I manage a large team of people. I am respected and know that I add value to the organization. Recently, however, my own manager has been giving me a lot of negative feedback. It seems that some people perceive me as cold, condescending, and unapproachable.
I am a little stunned at this since I really thought I had a good relationship with all of my people. I have convinced myself that my own manager is threatened by me and is trying to build a case to get rid of me. How can I know what is really going on here? –What’s Going On?
Dear What’s Going On,
This is a tough one. It can really throw you when negative feedback comes out of left field. I would encourage you to consider that your manager might actually have your best interests at heart, unless you have some prior evidence of ill will. Anything you do to increase your own awareness of your impact on others can only help you grow—both as a person and as a leader. If, in fact, your manager has it in for you, it will become clear over time and you can deal with it later. In the meantime, you have some options for dealing with this feedback. Here are a few ideas.
Self awareness is all about you. Begin by honestly examining your actual intentions as well as the impact your actions have as you navigate through your day.
- Do you judge others? Even if you don’t say anything, people can sense it if you have a negative opinion of them. You may not be hiding it as well as you think.
- Do you keep a neutral expression when you think someone has said something inappropriate? Or do you let it show? Even a raised eyebrow from a boss can cause a rush of adrenaline and cortisol—stress hormones—in a direct report. I worked with a lovely guy who used to roll his eyes at his people. He had no idea the negative affect this had on others—he thought it was funny. Individual contributors can get away with all kinds of behaviors that will need to be given up when they start managing others.
- Do you a have dry sense of humor and a sarcastic wit? Lucky and wonderful for your pals on your own time, but this kind of joking often doesn’t fly at work. What is hilarious to one person can be interpreted as snarly and mean to another. Notice if you make jokes at others’ expense and cut it out.
- On the other hand, if you are extremely serious and businesslike, that’s great in terms of staying focused and getting things done. However, many people need to feel a connection. It can be as simple as saying, “How is your day going?” or “How was your weekend?” and really listening to the answer. It can also be good to share a little bit about yourself. This is known in my business as “warming it up.” You don’t have to get a personality transplant—you just have to slow down a little and show you care.
- Just smile. This tip might be annoying or seem dumb, but it absolutely works with people who need this kind of feedback. Smile when you say hello. Smile when you say goodbye. Smile at people when they are talking in meetings. Try it.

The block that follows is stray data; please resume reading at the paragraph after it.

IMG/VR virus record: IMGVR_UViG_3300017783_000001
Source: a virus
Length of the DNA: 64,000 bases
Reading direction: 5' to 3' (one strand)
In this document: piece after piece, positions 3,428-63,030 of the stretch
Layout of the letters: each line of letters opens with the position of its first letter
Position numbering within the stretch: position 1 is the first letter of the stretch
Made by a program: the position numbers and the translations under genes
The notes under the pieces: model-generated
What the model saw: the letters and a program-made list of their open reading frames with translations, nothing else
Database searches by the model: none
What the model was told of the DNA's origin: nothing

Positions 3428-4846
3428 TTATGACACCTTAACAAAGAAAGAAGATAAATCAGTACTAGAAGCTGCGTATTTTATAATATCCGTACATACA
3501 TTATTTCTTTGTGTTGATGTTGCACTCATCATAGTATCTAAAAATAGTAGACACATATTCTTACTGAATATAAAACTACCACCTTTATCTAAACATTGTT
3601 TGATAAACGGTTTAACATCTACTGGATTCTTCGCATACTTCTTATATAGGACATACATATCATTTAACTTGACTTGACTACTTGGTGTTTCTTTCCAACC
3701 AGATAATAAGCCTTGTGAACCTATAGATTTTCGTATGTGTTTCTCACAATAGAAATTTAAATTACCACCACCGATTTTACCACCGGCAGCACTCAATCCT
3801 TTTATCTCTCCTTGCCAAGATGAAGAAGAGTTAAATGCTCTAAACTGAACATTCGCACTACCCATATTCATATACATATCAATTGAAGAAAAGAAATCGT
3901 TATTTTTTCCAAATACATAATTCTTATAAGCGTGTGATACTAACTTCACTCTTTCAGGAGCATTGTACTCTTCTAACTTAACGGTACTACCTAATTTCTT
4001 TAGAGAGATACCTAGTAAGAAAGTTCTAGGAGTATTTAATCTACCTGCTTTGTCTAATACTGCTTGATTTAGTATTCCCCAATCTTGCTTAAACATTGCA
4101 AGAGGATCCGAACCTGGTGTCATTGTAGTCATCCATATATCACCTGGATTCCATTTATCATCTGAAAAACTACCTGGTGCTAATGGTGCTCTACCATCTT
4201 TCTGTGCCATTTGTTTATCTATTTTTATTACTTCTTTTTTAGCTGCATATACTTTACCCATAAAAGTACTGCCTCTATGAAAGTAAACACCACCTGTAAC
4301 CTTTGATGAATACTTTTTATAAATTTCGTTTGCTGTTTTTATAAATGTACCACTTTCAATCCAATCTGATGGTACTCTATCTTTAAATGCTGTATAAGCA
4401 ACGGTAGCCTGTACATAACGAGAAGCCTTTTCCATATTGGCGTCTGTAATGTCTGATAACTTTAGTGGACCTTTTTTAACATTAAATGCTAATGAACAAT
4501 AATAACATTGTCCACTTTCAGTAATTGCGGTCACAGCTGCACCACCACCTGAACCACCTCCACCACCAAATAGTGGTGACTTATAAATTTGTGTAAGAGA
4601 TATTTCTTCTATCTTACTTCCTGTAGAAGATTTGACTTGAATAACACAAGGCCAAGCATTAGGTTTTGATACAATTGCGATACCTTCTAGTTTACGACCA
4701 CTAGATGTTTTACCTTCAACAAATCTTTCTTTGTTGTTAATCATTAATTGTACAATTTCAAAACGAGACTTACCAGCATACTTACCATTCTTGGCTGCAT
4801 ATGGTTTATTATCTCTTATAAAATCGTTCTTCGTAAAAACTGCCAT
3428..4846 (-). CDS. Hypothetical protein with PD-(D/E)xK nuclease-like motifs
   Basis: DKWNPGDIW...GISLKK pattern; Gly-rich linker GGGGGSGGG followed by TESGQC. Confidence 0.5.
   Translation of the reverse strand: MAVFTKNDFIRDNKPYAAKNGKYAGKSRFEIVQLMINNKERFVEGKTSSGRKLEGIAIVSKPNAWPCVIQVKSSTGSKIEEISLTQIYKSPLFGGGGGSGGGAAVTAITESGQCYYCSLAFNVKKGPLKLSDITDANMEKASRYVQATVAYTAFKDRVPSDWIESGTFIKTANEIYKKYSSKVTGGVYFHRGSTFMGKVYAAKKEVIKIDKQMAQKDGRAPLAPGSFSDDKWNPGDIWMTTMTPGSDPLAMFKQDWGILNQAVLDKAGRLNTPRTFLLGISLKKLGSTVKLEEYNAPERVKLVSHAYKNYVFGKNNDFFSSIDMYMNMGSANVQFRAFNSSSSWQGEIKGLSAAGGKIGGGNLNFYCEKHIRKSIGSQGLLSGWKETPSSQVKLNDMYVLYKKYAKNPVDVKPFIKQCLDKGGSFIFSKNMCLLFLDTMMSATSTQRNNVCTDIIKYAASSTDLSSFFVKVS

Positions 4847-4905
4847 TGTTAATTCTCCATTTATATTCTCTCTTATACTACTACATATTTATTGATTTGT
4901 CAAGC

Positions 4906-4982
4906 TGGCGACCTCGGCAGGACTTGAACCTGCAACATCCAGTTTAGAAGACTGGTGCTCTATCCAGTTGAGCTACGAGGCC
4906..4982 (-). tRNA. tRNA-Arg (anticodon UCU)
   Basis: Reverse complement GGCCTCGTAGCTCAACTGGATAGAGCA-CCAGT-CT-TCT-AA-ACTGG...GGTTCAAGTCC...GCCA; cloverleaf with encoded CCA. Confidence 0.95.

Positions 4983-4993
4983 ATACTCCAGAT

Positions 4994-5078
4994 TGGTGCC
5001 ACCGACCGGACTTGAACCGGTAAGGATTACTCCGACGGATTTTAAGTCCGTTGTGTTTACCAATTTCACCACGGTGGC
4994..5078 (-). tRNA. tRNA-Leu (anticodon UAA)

Next, check in with others.
- Sit down with your manager and ask exactly what behavior changes would make a difference. Get concrete examples of what hasn’t been working and what would work better. Don’t get defensive by arguing or asking questions about who is tattling on you. Be prepared to manage your emotions and take notes in this conversation.
- In one on ones with each team member, tell the person you have received this feedback and are aware you need to change some of your behaviors. Ask their opinion about what you might be doing to make others feel negative toward you. Most people won’t tell you, but a couple of them will. Tell each person you are working on improving your behavior and ask them to hold you accountable by pointing out when you do something off-putting.
Seemingly negative feedback such as this from a manager can actually be a valuable gift. If you periodically self assess as well as solicit others’ perceptions of your working style, you will be a better, more self aware leader.
About the author
Madeleine Homan-Blanchard is a master certified coach, author, speaker, and cofounder of Blanchard Coaching Services. Madeleine’s Advice for the Well Intentioned Manager is a regular Saturday feature for a very select group: well intentioned managers. Leadership is hard—and the more you care, the harder it gets. Join us here each week for insight, resources, and conversation.
Got a question for Madeleine? Email Madeleine and look for your response here next week!
4 thoughts on “I Think My Boss Is Trying To Get Rid of Me: Ask Madeleine”
Madeleine, while your article has some interesting tactics, sometimes, the boss is actually trying to get rid of an employee without having to fire them. It would be useful to get your take on what to do when the boss’ motives are not altruistic as your article suggests.
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